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If a language was borrowing words from another language that has /ɯ/, what would the first language possibly substitute it with?

Borrowing language phonology - Consonants: m n ɲ p b t d c ɟ k g ts dz ʧ ʤ f v s z ʃ ʒ h r~ɾ l j

Vowels: ɑ aː o oː u uː ɛ eː i iː ø øː y yː

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    Well, it probably wouldn’t be /tʃ/, but there’s no way to say, a priori, what vowel it would be. The most obvious candidates would probably be /u/, /i/, /o/, /y/, /ø/, but which one it would end up being is entirely down to the language and its speakers. Different speakers may even use different sounds for it. Jan 22 at 9:44
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    Voting to reopen as I don't think this question is opinion-based -- there must be data out there about the adaptation of loanwords containing [ɯ].
    – TKR
    Jan 22 at 20:24
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    This is opinion-based because it's not asking for empirical evidence. Try Constructed Languages.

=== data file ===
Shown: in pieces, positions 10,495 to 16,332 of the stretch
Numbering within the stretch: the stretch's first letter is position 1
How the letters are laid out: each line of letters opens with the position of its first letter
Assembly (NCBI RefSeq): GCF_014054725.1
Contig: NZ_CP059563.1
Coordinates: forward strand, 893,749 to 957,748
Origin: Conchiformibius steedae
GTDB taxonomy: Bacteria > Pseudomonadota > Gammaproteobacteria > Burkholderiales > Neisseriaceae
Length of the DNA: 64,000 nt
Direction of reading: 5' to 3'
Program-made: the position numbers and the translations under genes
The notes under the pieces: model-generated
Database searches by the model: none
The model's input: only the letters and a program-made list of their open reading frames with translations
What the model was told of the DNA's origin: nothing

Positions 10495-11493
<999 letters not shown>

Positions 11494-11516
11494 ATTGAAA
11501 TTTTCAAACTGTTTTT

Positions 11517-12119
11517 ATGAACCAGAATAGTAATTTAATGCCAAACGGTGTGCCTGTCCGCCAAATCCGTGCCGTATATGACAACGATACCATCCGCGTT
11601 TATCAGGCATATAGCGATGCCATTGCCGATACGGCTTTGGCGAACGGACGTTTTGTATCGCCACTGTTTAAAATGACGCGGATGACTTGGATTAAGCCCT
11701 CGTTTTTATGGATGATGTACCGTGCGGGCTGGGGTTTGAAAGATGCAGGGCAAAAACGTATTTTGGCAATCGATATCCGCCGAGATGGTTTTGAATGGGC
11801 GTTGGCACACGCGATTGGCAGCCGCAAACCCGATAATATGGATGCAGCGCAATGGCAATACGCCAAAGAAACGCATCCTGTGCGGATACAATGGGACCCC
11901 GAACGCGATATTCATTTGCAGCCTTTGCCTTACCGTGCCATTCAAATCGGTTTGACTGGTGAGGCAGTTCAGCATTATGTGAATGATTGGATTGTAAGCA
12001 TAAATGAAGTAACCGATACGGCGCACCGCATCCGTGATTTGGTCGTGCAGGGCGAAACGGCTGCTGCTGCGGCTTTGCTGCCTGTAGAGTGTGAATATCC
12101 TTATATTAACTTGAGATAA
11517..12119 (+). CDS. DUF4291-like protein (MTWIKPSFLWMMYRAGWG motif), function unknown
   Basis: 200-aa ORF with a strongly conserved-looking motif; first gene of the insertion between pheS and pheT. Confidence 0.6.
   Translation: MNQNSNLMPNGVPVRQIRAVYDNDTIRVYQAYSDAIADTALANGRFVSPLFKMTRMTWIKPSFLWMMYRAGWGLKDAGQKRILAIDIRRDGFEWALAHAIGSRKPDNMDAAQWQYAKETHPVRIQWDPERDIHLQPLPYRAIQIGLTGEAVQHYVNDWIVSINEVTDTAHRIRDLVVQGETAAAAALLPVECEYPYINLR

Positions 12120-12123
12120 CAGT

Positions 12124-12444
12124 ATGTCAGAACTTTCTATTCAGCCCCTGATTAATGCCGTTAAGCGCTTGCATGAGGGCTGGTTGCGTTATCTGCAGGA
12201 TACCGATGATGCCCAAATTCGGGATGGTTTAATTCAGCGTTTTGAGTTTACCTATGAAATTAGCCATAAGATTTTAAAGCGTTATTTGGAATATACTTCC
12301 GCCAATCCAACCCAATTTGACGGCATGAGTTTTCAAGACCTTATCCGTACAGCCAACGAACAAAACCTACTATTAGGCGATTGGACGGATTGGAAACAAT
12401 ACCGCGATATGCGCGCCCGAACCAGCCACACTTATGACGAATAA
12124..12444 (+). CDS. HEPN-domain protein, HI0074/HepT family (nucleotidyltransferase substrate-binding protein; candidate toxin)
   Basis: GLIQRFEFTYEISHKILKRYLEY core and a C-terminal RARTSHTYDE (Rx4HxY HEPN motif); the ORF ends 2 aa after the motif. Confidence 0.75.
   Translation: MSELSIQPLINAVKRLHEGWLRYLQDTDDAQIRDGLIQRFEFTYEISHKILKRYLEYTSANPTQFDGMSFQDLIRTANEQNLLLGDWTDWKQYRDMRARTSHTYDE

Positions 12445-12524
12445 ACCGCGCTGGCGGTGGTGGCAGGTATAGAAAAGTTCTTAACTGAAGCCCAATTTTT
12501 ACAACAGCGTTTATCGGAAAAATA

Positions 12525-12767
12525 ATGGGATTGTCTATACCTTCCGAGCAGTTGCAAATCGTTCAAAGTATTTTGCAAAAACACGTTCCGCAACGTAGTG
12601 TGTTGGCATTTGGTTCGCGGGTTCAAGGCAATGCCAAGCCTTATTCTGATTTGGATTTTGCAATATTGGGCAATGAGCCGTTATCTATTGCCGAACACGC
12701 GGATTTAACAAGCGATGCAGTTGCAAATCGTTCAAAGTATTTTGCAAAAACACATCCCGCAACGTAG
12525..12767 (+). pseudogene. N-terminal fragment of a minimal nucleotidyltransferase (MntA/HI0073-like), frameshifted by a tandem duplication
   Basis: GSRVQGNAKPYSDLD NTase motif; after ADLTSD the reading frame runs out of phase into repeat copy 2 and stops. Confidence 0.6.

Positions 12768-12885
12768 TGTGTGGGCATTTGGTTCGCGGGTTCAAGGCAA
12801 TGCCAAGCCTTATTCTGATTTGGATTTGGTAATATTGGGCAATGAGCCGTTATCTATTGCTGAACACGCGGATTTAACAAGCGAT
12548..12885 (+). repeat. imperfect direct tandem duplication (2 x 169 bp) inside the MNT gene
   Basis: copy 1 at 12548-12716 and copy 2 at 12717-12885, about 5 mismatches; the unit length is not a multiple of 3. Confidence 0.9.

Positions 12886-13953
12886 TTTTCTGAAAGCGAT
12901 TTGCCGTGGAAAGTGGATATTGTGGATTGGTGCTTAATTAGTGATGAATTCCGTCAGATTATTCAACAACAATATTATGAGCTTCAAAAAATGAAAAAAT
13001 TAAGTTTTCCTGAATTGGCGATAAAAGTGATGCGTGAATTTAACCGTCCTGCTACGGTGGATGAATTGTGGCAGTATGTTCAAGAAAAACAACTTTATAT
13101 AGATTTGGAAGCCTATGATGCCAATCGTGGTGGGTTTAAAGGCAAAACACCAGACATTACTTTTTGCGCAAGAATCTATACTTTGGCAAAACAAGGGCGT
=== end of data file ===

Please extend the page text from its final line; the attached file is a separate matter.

– Nardog
    Jan 22 at 21:14
  • The most common language with [ɯ] is Japanese and, as far as I know, in all the other languages borrowed Japanese words with [ɯ] give [u] of a sort: samurai, tsunami, sushi, etc. I'm for reopening the question.
    – Yellow Sky
    Jan 28 at 22:34

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I'm afraid no-one has collected comprehensive data yet for sound shifts due to borrowing/naturalizing foreign sounds. As a substitute we have some diachronic data (link to the Searchable Index Diachronica) what sound are possible outcomes from /ɯ/, the outcomes include /u/ and /i/ (the most expected and obvious ones), as well as /ɰa/ (a diphthongisation). Again, data are sparse.

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